September 30, 2008 Neoliberalism and political change debt crisis, 1980?s political processes of clientelism and democratization the illusion of civil society Civil Society increased used of concept across the globe especially since the age of Neoliberalism and the fall of Soviet Union opposition to state ? state?s incapacity to address issues and represent society market, non-market voluntary associations- NGO?s international ? in all nations, but also global unified ?a civil society? often in opposition to state in Neoliberalism and other forms groups mobilized that act in opposition to the government Clientelist Neighborhood Politics political grievances ? local needs demands partially satisfied in exchange for systemic support local organizations are isolated from political allies state interest ? power maintenance resources are key to exchange Democratic Politics political issues ? both local and national demands due to citizenship, not exchange local groups work with multiple allies, many goals the search for autonomy Debt and Neoliberal Economics Soaring debt and interest rates Rise of international financial institutions and role as debt managers (IMF, others) Neoliberalism: prioritize ?free market? policies, limit size and impact of government in economy, diminish local industry protection, open to international firms, produce for export Increasing debt and interest rates, falling commodity prices Neoliberal Policies reduce public spending eliminate consumer subsidies keep wages down privatization of state-owned firms devalue currency increase interest rates Neoliberalism Effect on Mexico 1984-2006 stagnant to negative growth increased poverty decreased real wages increased unemployment Mexico?s Politics single party rule 1924-1994 (2000) the PRI- corporatist inclusion of mass organizations coupled with clientelist neighborhood politics how do you keep political order? Growth What happens when growth stops? What is key to exchange (clientelism) votes, rally?s in return they get a whole series of things (water, pavement, community center) called into question Liberation Theology - Jesuits centers around notion that the whole of Jesus? works were about the poor struggle for justice use bible as political resource come to understand that it was right to struggle for justice 1989 Jesuit organization and untied all smaller group into one large neighborhood group Fought dominant party at every step Basic social movement group Organized large movements and were successful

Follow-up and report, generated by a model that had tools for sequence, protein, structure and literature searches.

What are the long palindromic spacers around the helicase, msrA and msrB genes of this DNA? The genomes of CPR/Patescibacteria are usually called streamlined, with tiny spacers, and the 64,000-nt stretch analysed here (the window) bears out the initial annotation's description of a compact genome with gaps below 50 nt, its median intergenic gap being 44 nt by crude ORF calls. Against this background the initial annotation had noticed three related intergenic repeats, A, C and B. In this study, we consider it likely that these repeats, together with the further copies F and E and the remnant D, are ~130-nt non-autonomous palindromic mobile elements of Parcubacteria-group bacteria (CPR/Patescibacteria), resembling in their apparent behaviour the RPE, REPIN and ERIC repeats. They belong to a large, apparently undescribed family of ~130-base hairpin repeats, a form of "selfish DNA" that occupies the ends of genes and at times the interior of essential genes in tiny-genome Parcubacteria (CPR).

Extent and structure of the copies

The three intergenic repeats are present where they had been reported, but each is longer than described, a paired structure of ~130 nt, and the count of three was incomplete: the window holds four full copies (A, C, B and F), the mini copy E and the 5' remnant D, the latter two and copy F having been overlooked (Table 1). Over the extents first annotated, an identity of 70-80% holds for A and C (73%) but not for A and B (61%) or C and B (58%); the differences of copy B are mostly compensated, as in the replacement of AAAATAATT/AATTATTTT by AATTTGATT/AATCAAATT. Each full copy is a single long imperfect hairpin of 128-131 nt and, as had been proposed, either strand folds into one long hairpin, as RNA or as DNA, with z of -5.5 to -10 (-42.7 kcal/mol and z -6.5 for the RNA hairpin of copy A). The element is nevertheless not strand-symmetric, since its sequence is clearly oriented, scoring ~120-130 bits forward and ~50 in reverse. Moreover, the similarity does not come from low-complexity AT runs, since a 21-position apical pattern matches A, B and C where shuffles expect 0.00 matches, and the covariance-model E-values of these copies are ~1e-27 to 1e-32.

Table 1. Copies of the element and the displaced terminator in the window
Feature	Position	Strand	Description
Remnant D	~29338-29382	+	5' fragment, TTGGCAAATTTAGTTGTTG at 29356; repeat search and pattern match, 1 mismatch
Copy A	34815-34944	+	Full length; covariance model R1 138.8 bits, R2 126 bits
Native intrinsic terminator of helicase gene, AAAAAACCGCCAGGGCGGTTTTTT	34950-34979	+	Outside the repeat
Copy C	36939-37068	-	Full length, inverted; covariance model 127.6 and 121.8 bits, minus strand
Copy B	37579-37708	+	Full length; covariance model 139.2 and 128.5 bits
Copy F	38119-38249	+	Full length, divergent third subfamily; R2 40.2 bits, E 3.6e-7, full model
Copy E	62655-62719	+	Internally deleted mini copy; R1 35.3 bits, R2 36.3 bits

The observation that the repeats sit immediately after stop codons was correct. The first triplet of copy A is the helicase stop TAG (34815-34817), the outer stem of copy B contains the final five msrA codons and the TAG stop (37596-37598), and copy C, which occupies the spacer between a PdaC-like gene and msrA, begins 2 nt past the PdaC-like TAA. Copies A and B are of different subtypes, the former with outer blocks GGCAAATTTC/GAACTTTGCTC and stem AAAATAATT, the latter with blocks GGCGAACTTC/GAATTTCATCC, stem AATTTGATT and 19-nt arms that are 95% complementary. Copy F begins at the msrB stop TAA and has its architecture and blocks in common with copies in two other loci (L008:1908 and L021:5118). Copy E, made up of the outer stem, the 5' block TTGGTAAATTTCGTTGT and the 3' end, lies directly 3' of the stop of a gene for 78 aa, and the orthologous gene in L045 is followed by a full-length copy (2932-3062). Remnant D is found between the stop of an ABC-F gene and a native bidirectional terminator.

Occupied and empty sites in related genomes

Want to see the other 2 page(s) in soc Sep 30.doc?JOIN TODAY FOR FREE!